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All bets are off on Jordan’s peace treaty with Israel

Israeli military's tanks seen stationed in the Jordan Valley during a military training exercise, on 6 May 2015 [Shadi Hatem/Apaimages
Israeli military tanks are seen stationed in the Jordan Valley during a military training exercise on 6 May 2015 [Shadi Hatem/Apaimages]

Jordanian army units have carried out military exercises during the past few days simulating the response to an Israeli invasion. They took place in the presence of King Abdullah II and the Prime Minister amid wide official interest, which suggests that the general mood in the Kingdom is to prepare for different scenarios, including those which are much worse than the “deal of the century” given what has been leaked about it so far.

In recent months, it has become clear that there is a deep crisis between Jordan and Israel. This was evident by Jordan’s refusal to renew the lease for Israel to use Baqoura and Ghumar, and instead insist on restoring its own sovereignty over the two areas. The King then visited them wearing his military uniform, viewing them as liberated. The most recent evidence of this is putting on trial an Israeli citizen who entered Jordan illegally, making him the first Israeli to be tried in the history of the Jordanian judiciary.

Jordan feels that it is losing out as a result of US and Israeli policies that ignore its historical role in the Palestinian issue, especially in occupied Jerusalem. Moreover, the deal of the century leaks and all the signs surrounding it indicate that it is intended to ignore the fact that Jordan hosts the largest number of Palestinian refugees, which leads the government to believe that Tel Aviv and Washington may want to resolve the conflict at the Kingdom’s expense.

READ: Jordan asks Israel to release body of Palestinian prisoner who died in prison

All of this is happening despite the Wadi Araba Treaty, which Jordan signed with Israel in 1994. However, we are now aware, a quarter of a century later, that the treaty is not enough to protect the interests and rights of the Jordanians. Israel has violated and continues to violate the majority of the commitments it made in the treaty. For example, Israel was guilty of pumping wastewater across the border in 1997, which caused what was at the time the worst pollution crisis known to Jordan. Look at the changes that Israel is making in occupied Jerusalem, with the support of the US, to alter the status quo in the holy city and demonstrate its claim that Jerusalem is the capital of the “Jewish state”. This is a clear and direct violation of Wadi Araba.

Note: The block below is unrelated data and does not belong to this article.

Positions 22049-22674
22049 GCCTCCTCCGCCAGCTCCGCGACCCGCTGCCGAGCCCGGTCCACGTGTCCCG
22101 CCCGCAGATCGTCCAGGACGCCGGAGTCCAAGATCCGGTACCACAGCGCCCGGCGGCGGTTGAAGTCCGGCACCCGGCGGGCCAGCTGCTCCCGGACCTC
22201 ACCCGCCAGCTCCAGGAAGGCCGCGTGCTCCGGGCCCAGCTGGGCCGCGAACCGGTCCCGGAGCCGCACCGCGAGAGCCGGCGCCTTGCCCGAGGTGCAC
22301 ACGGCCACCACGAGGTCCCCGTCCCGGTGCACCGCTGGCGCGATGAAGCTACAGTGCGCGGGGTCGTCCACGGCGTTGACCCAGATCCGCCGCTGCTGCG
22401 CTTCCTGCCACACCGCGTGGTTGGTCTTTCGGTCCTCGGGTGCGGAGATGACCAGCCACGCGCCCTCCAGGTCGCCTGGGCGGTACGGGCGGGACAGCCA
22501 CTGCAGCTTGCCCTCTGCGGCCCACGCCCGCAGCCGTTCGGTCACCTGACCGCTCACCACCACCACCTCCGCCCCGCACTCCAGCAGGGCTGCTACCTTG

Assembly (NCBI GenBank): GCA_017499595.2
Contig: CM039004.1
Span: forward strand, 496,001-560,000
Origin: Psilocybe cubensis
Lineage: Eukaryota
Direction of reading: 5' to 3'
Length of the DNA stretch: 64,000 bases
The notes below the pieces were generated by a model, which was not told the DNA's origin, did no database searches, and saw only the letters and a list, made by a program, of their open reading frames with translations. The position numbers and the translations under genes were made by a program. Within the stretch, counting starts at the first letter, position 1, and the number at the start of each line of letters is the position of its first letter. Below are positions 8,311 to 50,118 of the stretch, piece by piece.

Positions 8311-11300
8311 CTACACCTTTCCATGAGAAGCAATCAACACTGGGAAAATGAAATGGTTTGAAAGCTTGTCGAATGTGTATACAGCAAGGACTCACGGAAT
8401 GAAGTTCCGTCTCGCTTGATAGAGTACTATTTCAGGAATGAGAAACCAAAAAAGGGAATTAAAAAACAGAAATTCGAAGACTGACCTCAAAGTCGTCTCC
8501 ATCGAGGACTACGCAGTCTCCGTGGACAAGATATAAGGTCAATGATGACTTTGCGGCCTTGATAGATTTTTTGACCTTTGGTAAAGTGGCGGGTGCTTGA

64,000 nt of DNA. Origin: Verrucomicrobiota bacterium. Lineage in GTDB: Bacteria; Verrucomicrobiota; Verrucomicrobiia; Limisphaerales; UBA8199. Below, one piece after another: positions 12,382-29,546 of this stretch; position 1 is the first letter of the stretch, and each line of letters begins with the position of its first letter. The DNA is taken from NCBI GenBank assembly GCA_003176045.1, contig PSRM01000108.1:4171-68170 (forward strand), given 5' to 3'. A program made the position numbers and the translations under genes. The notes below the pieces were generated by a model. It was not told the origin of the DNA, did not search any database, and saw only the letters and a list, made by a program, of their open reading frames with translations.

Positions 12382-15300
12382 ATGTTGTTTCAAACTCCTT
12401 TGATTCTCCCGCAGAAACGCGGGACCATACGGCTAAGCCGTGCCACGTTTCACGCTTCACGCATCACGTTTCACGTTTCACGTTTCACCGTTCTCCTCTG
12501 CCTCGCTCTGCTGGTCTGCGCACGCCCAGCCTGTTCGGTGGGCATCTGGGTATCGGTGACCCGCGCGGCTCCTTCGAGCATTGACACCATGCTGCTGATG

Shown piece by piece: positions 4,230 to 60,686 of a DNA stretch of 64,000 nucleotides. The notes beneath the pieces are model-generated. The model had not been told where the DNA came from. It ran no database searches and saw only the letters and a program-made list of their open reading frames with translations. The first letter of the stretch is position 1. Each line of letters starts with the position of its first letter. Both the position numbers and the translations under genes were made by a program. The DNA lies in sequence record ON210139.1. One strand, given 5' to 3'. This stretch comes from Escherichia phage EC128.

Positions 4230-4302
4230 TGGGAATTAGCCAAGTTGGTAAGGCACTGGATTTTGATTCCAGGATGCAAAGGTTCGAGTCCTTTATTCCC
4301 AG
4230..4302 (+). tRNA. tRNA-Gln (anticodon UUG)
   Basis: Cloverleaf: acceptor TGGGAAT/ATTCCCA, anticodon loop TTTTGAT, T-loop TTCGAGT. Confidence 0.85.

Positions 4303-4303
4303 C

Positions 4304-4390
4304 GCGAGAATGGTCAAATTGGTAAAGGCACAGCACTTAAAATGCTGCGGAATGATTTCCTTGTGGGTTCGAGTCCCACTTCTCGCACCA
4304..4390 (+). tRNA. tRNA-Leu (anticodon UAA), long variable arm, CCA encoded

Israeli Jews wave the Israeli flag outside Damascus Gate in Jerusalem’s Old City on 2 June 2019 [Faiz Abu Rmeleh/Anadolu Agency]

Israeli Jews wave the Israeli flag outside Damascus Gate in Jerusalem’s Old City on 2 June 2019 [Faiz Abu Rmeleh/Anadolu Agency]

The Jordan-Israel peace agreement signed under the auspices of the United States and guaranteed by Washington states clearly in Article 8 that the solution to the refugee issue must be through negotiations to which Jordan and Egypt are party. Furthermore, Article 9 states that: “Israel respects the present special role of the Hashemite Kingdom of Jordan in Muslim Holy shrines in Jerusalem. When negotiations on the permanent status will take place, Israel will give high priority to the Jordanian historic role in these shrines.”

The ongoing Israeli aggression towards Jerusalem and the Palestinian territories, the process of redefining who is a Palestinian refugee and the ending of US aid to UNRWA, as well as the leaks regarding the deal of the century, all confirm that the US and Israel have violated the treaty and do not pay any heed to the agreement signed with Jordan. In addition, Jordan has not benefited much on the economic level since signing the treaty, and promises in this regard have also been overlooked.

READ: Jordan begins trial of Israeli who entered country illegally

Based on all these developments, the general feeling in Jordan is that the peace treaty is not a sufficient guarantee of the country’s interests, and that the Israelis break their promises and ignore their obligations whenever it suits them to do so. Thus, the government in Amman feels that Israel has once again become a strategic threat to the Hashemite Kingdom. That would explain the measures taken recently by Amman, including the restoration of land leased to Israel in Baqoura and Ghumar, and the aforementioned military exercises.

While there is still a group in Jordan which supported the peace treaty in the past, it is now regretting doing so. Another group is calling for the country’s withdrawal from the peace treaty in the event that the US implements the deal of the century which harms Jordan’s interests.

It has taken a quarter of a century for it to happen, but Jordan has finally started to realise that all bets are off as far as Wadi Araba is concerned, and that allying itself with Israel does not bring security or suit the Kingdom’s higher interests, let alone economic well-being.

This article first appeared in Arabic in Al-Quds Al-Arabi on 2 December 2019

The views expressed in this article belong to the author and do not necessarily reflect the editorial policy of Middle East Monitor.

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ArticleIsraelJordanMiddle EastOpinionPalestine
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